General Electric (GE) announced that it is cutting 12,000 jobs at its global power business to help save $1 billion next year.
The decision to reduce the division’s global workforce by 18% was made due to dwindling demand for traditional power markets and is part of GE chief executive John Flannery’s restructuring plan to make GE a more focused company.
“Traditional power markets including gas and coal have softened,” the company said on Thursday, explaining why the job cuts will be made.
Russell Stokes, president and chief executive of GE Power, said: “This decision was painful but necessary for GE Power to respond to the disruption in the power market, which is driving significantly lower volumes in products and services.
“This plan will make us simpler and stronger, so we can drive more value for our customers and investors.”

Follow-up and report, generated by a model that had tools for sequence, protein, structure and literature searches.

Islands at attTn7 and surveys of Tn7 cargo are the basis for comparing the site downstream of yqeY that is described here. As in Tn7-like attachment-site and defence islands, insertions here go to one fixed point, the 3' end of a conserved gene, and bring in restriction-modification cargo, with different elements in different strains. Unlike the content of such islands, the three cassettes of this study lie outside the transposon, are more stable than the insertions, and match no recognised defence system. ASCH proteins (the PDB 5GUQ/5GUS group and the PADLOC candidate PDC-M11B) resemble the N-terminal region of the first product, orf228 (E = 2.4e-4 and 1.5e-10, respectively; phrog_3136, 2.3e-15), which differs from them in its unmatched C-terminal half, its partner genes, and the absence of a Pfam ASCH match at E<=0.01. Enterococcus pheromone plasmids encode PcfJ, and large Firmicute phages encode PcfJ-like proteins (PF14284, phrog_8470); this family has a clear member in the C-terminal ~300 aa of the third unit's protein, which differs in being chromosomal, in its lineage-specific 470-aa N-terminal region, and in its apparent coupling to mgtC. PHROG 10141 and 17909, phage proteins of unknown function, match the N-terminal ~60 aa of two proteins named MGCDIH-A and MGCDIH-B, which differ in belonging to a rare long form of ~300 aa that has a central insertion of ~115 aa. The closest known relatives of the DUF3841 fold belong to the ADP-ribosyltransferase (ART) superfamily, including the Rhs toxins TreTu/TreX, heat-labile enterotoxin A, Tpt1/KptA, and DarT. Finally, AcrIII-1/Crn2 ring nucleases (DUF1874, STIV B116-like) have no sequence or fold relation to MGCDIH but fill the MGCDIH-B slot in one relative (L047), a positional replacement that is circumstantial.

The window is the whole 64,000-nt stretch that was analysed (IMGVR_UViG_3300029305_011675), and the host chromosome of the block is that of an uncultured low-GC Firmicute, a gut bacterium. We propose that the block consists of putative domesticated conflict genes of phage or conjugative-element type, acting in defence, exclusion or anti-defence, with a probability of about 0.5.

The company did not go into details about the cuts, but did say that they would be primarily outside the United States.
According to Reuters, labor union sources confirmed rumours of the job cuts on Wednesday, with employees in Switzerland, Germany and Britain among those expected to be affected the most.
Britain’s largest trade union, Unite, said the announcement put 1,100 jobs at risk and will fight against any compulsory layoffs in the UK.
The BBC reports that German union leaders similarly denounced the cuts, stating that they too would fight to keep the jobs.
Mark Elborne, GE boss of the company’s UK and Ireland operations, was quoted by the BBC as saying:
“These are not proposals we ever make lightly and we understand that this news will be difficult for many people.
“Unfortunately, we believe that these changes are necessary to ensure that we can remain competitive and secure the future of GE Power in the UK.
“We have shared our proposals with employees’ representatives today and will now begin a consultation period before any final decisions are made.”